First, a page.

Spiritual Care: What Does Coffee Have to Do with It?
When you ask Travis Jamieson about his role as Chaplain at Beacon Hill, you just might get a lesson in roasting your own coffee beans! What does coffee have to do with spiritual care?
“One of the things I love about roasting coffee is you always have to order the green beans to roast,” says Travis. “Online, I get a list of countries I can order from. I love that! Every country I order from has a different flavor. And within a country, every farm offers something different—a different kind of experience when you taste it. Different flavors. Different people. Different coffee farms with different stories. But at the end of the day, it ends up as coffee in a cup. It’s a unifying factor of diverse flavors.”
Can you hear a sermon illustration coming?
Different from What Most Churches Can Pull Off
“We have a really diverse community at Beacon Hill,” Travis continues. “People with different backgrounds, growing up in different places, with different experiences. At the end of the day, I’m always looking to know that story … to know what sets them apart but keeping in mind that this person is just like every other person. We all have emotional needs—deep spiritual needs. It really unifies us as a people. We’re all humans in the image of God.”
There is a wide diversity of religious viewpoints at Beacon Hill, from no faith to all kinds—Baptist, Catholic, Reformed, United Methodist, and more. “All tend to bring different flavors of their faith to our community,” says Travis. “Each of them brings something valuable to the table. It gives an opportunity to come together doing different services and events as a diverse faith community. That’s different from what most churches can pull off!”
Programs, Services and Events
Those events include a wide range of activities:
- Weekly chapel services in Independent Living and Assisted Living
- Monthly communion in Assisted Living
- Bi-weekly devotionals in Memory Support
- Monthly men’s groups in Assisted Living
- Weekly Bible study groups
- Weekly book clubs
- Weekly “Faith Seeking Understanding” lectures in Independent Living and Assisted Living, with topics like “Getting to Know the Church Fathers,” “Cultivating the Fruit of the Spirit,” and “The Reason for God: A Study by Tim Keller”
- Quarterly lecture by local professors
- Seasonal events such as Veterans Day services and gathering Christmas gifts for the Salvation Army
But programs and activities aren’t the center of spiritual care at Beacon Hill. “We’re working to cultivate a culture of spiritual care,” Travis says. “It’s not just about programs or me going around to each resident’s home. It’s also interacting with staff and encouraging them to provide spiritual care—plus, helping residents provide spiritual care among themselves.”
For Travis, that spiritual care begins before residents even move in. “I see part of my role as supporting the sales staff. They may be working with someone looking at Assisted Living or Memory Care. I try to support the staff as they help those folks navigate their situations, helping them understand that moving to Assisted Living or Skilled Nursing or Memory Support isn’t a failure. It’s not giving up. And it’s not giving up on your parents. It’s trying to help them thrive in the best way they can.”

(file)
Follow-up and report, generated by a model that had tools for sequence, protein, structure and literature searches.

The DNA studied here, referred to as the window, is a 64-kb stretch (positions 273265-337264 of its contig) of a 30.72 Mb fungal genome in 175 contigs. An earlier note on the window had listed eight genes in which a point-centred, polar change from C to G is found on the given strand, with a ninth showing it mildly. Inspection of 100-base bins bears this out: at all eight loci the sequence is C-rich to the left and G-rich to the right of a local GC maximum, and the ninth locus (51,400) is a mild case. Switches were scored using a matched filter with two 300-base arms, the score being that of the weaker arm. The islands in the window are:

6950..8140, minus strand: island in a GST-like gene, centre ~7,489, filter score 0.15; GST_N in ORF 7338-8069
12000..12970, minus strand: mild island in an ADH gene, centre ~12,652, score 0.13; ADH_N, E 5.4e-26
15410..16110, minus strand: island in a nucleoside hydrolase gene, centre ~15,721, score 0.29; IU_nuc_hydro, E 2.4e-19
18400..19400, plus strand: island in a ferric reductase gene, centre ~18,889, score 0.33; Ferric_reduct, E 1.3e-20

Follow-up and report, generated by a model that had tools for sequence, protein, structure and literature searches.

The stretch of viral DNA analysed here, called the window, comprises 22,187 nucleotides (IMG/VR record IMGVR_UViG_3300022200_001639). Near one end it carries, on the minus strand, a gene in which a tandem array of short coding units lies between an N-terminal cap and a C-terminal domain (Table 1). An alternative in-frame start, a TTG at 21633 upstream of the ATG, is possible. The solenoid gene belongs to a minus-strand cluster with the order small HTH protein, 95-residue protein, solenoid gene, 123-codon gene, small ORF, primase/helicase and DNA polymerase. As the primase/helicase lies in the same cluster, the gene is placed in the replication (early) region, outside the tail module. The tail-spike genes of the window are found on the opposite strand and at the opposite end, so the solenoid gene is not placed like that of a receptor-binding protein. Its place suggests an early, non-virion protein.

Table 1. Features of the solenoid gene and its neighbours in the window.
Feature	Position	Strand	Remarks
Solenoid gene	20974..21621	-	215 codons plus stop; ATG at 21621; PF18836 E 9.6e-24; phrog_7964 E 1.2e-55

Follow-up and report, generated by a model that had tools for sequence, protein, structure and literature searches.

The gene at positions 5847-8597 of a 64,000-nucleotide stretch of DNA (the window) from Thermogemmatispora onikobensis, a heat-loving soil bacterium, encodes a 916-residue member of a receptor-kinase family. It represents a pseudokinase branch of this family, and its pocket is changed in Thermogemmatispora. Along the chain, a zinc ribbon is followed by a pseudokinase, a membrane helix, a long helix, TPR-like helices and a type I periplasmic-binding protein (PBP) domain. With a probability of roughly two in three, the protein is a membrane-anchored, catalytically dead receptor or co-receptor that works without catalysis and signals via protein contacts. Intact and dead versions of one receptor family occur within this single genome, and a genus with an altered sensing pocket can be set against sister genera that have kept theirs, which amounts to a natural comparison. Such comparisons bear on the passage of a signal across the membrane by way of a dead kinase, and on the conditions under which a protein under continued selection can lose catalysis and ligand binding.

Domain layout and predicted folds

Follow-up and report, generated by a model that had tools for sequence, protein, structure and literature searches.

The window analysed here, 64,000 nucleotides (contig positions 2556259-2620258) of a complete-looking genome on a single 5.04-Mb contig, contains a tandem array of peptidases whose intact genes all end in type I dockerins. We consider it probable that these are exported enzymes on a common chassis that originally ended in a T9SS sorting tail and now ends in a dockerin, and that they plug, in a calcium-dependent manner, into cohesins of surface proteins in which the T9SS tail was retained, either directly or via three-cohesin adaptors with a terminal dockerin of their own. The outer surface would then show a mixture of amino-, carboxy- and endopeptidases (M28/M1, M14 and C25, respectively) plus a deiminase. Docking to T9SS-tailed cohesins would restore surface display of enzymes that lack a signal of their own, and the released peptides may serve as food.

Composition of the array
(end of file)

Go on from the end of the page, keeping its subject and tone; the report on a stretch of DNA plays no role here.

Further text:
Travis also sees the spiritual care role as reaching beyond the walls of Beacon Hill. For example, he has invited local churches to attend Beacon Hill events and participates in a new chaplains’ network in Grand Rapids. He’s also inspired by the volunteer work residents perform for their churches and in the community. Just like those coffee beans that are sent out from their farms to bring rich flavors and aromas to the rest of the world!
Why Beacon Hill?
Travis didn’t originally set out to become a chaplain. “My mindset was I was going to pastor a church,” Travis explains, and he followed an educational path for that purpose. He earned a B.A. in Theology from Moody Bible Institute in Chicago, Illinois, following it with an M.A. in Systematic Theology from Trinity Evangelical Divinity School in Deerfield, Illinois.
When he came to Grand Rapids to study for his Master of Divinity degree at Calvin Theological Seminary, he started a part-time job working with Beacon Hill’s former Chaplain, Rich Verkaik. That turned into a graduate internship lasting 2 years. When Rich retired, Travis was brought on full time. “Once I got involved at Beacon Hill, and started doing chaplaincy work, I found that I really began to love doing it.” He joined the Beacon Hill staff full time in April of 2019. “It’s a healthy organization and a meaningful place to work!”
The Three-Mile-an-Hour God
Travis’s role model for ministry at Beacon Hill is Jesus. “Our mission statement talks about being ‘motivated by the love of Christ.’ When working with an aging population, it’s important to be following Jesus’ model of slowness. He’s always walking along with enough time for the people around him. On his way to Jerusalem to the cross—a big mission for him—he finds ten men along the way with leprosy. He stops his journey and takes the time to care for them.
“Japanese theologian Kosuke Koyama talks about Jesus being a ‘three-mile-an-hour God.’ That’s the speed of a person walking. I’m trying to be a chaplain who is slow enough to see residents’ needs and love them the way they need to be loved.”
With a diverse community like Beacon Hill, that means different things at different times. “I’m comfortable being a chaplain to someone with faith or no faith. I try to go in with as little of an agenda as possible and ask questions so they can tell me what they need from me.”
So, feel free to stop by and tell Travis a little about yourself.
And maybe, just maybe, he’ll let you taste some coffee from freshly roasted coffee beans!